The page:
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THE Council of Europe slammed Croatia today for its brutal treatment of refugees — including throwing them with bound hands into the river that marks the EU’s border with Bosnia.
The finding highlights the human misery created by “Fortress Europe” just a day after the European Union slapped new sanctions on Belarus over a standoff over refugees seeking to enter the EU via Poland.
The European Committee for the Prevention of Torture and Inhuman or Degrading Treatment or Punishment (CPT), a body established by the Council of Europe which is unrelated to the EU, said Croatia needed to take immediate action to stop the brutality.
Based on a visit last year, the CPT found injuries on migrants “indisputably compatible” with police ill treatment, including some which could only have been sustained as a result of truncheon or stick blows.
And it listed reports that migrants had been “forced to march through the forest to the border barefoot and ... thrown with their hands still zip-locked into the Korana river.”
Some migrants said they were pushed back in underwear or naked, while “a number of persons stated that when they had been apprehended and were lying face down on the ground, certain Croatian police officers had discharged their weapons into the ground close to them.”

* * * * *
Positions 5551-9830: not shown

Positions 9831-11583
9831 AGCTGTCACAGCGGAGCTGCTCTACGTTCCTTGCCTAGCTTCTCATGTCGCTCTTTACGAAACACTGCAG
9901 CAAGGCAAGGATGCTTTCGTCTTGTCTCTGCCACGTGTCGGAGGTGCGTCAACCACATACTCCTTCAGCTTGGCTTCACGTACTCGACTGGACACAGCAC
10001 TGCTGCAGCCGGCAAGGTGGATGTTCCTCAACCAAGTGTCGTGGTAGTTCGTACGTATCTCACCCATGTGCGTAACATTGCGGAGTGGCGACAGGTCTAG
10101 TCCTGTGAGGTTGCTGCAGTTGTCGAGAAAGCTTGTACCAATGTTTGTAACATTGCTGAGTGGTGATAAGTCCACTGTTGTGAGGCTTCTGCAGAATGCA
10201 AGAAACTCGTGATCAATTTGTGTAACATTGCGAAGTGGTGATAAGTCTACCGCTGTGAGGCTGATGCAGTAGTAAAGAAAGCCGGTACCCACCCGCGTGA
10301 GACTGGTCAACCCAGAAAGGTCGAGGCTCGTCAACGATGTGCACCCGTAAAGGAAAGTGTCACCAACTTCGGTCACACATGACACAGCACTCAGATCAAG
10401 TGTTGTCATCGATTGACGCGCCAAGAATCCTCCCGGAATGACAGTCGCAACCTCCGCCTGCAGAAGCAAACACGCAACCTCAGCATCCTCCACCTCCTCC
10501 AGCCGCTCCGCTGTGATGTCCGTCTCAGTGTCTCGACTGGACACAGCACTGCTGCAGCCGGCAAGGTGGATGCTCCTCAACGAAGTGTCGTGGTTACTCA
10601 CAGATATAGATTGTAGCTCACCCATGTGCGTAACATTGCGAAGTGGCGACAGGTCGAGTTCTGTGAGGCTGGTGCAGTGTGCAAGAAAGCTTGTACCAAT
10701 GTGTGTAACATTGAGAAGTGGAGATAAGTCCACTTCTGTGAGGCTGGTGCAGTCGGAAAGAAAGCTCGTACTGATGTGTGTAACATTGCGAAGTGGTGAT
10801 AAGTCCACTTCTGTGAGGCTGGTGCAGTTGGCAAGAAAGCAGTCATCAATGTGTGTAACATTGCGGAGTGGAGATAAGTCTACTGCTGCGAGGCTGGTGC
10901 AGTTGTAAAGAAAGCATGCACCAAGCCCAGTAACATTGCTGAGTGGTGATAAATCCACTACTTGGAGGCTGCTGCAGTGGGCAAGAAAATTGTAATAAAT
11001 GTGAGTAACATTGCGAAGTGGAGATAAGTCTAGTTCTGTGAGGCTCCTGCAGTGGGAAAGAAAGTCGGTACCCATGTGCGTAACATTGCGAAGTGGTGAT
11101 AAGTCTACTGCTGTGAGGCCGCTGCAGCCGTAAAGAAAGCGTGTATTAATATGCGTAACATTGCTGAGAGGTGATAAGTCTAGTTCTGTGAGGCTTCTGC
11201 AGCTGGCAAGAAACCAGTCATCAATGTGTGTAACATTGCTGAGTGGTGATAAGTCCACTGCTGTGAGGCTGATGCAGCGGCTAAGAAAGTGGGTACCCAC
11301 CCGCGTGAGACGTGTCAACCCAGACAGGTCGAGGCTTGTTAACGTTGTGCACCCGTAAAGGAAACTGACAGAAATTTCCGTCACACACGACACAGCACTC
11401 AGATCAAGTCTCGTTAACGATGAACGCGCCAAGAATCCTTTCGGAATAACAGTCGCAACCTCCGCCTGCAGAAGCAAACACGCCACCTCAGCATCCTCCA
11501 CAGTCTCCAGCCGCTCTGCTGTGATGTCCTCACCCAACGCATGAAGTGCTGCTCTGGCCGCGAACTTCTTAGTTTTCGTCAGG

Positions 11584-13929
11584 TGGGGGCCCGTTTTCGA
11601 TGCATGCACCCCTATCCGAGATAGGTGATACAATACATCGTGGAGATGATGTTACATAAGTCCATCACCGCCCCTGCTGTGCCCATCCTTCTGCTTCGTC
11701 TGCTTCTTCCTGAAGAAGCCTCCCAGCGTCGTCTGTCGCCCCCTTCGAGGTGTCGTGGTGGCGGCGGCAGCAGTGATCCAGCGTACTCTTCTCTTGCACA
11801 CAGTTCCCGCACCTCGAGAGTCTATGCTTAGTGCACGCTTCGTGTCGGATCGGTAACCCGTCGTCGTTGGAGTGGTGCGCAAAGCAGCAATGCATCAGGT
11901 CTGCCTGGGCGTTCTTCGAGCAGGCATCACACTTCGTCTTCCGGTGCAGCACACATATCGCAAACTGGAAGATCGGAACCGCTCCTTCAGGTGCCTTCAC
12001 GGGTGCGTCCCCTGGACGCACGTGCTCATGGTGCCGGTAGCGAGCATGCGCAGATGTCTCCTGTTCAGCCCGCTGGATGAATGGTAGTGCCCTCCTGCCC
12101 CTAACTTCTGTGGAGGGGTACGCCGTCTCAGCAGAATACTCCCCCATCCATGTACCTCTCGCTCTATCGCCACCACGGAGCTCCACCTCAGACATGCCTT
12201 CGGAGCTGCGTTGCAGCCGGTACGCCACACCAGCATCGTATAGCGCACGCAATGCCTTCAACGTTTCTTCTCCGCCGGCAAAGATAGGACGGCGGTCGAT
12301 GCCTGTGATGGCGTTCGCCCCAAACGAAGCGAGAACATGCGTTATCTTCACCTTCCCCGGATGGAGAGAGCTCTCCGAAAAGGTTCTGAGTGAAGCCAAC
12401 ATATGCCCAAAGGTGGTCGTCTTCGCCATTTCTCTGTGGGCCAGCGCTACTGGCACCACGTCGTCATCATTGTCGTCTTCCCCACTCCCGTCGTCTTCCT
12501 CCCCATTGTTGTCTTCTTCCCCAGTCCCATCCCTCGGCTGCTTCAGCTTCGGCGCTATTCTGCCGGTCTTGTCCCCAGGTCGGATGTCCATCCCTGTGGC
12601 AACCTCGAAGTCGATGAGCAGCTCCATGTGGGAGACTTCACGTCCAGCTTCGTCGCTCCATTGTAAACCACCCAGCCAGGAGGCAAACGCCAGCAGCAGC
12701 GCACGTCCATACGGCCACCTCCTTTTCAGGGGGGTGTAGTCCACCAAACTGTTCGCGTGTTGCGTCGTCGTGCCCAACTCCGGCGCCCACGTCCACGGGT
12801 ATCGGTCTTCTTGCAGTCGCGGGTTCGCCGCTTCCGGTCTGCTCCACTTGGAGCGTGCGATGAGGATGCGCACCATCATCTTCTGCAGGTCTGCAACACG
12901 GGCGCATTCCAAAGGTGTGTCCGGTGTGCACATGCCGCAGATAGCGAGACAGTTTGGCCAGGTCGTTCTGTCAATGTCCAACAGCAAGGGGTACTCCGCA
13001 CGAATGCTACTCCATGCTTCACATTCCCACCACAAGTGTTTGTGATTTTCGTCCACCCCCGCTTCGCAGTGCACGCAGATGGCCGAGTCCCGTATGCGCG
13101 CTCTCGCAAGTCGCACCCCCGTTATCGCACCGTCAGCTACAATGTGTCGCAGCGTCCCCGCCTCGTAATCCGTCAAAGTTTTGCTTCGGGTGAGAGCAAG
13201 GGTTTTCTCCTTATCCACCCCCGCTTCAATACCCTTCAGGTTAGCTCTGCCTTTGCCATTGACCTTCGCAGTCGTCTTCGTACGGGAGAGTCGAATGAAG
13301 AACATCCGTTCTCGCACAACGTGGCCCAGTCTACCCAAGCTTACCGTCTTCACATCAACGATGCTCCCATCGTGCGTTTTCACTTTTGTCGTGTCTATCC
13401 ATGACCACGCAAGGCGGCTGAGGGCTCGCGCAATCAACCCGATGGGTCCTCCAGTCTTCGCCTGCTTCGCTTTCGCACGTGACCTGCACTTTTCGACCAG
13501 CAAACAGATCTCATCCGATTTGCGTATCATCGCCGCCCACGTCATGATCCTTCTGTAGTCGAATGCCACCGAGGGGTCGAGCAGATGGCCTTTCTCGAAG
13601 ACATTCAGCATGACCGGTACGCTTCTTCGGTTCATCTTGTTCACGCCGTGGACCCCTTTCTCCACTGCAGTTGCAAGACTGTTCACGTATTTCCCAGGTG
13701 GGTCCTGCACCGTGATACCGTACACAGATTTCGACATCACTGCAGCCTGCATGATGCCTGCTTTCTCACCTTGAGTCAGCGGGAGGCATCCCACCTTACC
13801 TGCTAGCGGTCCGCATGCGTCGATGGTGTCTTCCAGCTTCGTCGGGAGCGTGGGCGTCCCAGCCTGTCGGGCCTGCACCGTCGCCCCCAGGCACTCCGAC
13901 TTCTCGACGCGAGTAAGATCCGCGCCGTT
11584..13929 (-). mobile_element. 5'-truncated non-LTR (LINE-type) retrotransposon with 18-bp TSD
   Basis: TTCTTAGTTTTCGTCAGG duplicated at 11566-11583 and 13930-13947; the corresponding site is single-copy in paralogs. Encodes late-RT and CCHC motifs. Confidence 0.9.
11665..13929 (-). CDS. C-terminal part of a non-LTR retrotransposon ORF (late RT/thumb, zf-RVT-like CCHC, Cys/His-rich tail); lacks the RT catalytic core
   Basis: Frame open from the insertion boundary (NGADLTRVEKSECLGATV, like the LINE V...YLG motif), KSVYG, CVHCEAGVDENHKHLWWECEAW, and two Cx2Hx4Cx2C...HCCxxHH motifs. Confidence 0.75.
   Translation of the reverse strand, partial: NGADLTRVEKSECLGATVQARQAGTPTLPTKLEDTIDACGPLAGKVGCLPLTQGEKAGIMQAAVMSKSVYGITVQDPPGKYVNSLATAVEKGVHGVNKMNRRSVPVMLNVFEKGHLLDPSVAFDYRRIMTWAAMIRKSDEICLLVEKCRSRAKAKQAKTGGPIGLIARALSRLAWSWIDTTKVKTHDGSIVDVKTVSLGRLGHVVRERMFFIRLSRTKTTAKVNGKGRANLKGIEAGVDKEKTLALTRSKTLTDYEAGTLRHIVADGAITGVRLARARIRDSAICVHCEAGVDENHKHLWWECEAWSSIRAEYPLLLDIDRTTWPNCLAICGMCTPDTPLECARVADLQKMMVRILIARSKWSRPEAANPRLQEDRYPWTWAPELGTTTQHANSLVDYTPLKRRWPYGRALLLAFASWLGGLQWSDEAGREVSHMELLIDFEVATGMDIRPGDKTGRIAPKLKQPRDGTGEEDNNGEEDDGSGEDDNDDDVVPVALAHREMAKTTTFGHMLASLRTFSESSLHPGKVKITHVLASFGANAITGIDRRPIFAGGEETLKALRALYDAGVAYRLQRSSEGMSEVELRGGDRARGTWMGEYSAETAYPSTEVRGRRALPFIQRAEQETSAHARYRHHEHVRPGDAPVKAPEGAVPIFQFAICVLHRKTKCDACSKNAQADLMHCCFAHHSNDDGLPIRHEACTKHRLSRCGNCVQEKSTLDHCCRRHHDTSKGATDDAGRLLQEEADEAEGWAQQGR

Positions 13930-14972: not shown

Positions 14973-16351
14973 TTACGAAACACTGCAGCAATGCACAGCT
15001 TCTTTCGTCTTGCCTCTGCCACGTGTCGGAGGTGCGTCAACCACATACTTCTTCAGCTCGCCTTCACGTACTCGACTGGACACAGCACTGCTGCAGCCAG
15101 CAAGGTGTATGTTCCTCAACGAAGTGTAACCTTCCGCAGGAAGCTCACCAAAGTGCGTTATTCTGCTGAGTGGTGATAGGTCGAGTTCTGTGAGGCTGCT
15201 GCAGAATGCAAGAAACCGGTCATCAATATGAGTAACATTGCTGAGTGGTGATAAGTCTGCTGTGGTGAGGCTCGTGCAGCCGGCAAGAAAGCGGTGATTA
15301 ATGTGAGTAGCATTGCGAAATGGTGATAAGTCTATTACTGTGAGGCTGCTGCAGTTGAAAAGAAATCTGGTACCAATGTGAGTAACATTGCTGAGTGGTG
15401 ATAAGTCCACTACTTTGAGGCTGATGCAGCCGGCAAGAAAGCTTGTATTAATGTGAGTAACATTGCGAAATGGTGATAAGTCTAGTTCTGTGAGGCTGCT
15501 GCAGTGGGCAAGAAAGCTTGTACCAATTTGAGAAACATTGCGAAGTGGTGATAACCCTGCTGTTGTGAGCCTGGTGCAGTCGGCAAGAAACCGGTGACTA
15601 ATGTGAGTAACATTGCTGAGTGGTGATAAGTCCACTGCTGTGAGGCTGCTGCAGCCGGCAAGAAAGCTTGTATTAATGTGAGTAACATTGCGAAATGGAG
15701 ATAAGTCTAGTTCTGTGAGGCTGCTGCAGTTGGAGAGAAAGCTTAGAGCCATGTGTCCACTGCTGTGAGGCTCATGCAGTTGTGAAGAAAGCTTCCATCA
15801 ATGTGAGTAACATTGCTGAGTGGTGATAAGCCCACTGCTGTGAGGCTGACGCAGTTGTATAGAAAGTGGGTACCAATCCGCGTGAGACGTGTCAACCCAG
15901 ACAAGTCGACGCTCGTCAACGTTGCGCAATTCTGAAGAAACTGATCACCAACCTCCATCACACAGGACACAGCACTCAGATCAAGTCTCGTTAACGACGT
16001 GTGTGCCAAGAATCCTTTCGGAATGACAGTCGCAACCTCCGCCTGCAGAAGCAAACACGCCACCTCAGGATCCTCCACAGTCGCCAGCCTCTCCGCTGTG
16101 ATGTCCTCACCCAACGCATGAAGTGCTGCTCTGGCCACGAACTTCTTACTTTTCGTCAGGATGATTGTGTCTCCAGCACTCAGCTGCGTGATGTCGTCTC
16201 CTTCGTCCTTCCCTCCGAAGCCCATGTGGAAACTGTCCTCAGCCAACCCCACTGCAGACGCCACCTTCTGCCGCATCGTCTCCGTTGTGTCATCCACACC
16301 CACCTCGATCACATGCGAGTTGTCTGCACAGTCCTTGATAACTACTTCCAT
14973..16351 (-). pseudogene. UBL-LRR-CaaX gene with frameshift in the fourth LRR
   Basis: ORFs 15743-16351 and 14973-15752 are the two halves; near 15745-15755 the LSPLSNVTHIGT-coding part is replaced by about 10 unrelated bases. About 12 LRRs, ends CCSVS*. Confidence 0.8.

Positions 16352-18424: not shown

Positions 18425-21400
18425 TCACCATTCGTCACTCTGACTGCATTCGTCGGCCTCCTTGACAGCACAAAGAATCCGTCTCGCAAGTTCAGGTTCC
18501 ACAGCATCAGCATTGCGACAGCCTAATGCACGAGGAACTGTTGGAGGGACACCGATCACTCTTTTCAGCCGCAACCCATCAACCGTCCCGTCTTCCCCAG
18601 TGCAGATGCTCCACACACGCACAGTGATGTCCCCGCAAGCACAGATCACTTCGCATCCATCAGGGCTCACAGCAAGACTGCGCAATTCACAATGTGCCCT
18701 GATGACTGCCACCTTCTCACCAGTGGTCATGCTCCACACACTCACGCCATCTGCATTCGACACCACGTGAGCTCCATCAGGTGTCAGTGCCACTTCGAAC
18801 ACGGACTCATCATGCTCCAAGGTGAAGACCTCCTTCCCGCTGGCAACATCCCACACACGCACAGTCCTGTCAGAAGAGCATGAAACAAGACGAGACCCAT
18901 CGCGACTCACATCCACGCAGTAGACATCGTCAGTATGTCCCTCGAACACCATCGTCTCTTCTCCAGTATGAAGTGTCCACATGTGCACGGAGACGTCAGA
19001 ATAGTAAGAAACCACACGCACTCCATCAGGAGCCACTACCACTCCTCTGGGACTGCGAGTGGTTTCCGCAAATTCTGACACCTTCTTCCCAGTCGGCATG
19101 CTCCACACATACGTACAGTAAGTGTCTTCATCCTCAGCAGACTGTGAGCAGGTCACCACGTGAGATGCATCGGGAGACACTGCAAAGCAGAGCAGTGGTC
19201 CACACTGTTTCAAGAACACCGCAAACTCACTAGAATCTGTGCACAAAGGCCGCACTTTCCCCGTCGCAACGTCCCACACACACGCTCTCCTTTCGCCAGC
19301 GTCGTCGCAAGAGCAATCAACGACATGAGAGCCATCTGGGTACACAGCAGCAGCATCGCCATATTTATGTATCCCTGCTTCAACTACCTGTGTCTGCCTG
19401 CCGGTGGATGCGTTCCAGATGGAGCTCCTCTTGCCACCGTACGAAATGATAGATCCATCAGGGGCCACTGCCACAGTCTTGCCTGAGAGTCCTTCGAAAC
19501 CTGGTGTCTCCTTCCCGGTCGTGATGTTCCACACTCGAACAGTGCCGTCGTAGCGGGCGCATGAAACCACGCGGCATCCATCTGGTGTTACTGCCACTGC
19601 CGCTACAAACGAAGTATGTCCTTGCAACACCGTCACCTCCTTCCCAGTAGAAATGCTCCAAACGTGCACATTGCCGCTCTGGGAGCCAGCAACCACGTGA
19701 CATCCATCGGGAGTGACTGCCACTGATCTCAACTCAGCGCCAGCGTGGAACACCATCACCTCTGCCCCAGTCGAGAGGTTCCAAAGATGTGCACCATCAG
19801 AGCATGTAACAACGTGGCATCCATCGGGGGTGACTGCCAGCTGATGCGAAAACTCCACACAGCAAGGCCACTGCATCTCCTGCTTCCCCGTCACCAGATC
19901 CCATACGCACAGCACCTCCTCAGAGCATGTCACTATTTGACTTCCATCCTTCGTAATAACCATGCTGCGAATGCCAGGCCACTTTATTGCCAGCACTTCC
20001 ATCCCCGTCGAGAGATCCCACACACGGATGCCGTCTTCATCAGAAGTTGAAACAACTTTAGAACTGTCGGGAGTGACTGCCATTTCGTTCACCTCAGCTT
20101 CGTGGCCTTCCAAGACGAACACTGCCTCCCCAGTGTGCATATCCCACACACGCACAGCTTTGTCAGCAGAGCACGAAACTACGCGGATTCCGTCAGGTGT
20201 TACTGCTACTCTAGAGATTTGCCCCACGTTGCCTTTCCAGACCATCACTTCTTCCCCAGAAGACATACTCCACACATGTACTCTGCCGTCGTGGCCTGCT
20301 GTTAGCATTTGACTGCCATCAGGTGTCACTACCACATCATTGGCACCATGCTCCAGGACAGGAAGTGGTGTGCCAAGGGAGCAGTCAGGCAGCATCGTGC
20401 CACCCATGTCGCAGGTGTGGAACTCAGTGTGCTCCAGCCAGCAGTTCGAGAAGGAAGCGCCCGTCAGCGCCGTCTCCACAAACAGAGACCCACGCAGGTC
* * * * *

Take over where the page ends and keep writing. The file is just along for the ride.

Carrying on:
Amnesty International hailed the report, saying it confirmed earlier ones by rights groups. It criticised the European Commission for not holding Croatia accountable.
The report highlighted other transgressions, including migrants’ “transportation in cramped and unsafe conditions, ignoring their asylum requests and denying them access to the fundamental safeguards to which they are legally entitled.”
But Croatian President Zoran Milanovic shrugged that “police sometimes have to use force.
“How else can the Republic of Croatia protect the border?”
The report follows an EU summit at which the Commission proposed weakening refugee protections for anyone entering the bloc via Belarus.
It said current rules specifying asylum requests should be registered within 10 days could be amended up to four weeks, while Lithuania, Poland and Latvia could be permitted not to apply rules specifying the conditions in which asylum-seekers should be housed, instead holding them in makeshift border detention centres for up to 16 weeks.
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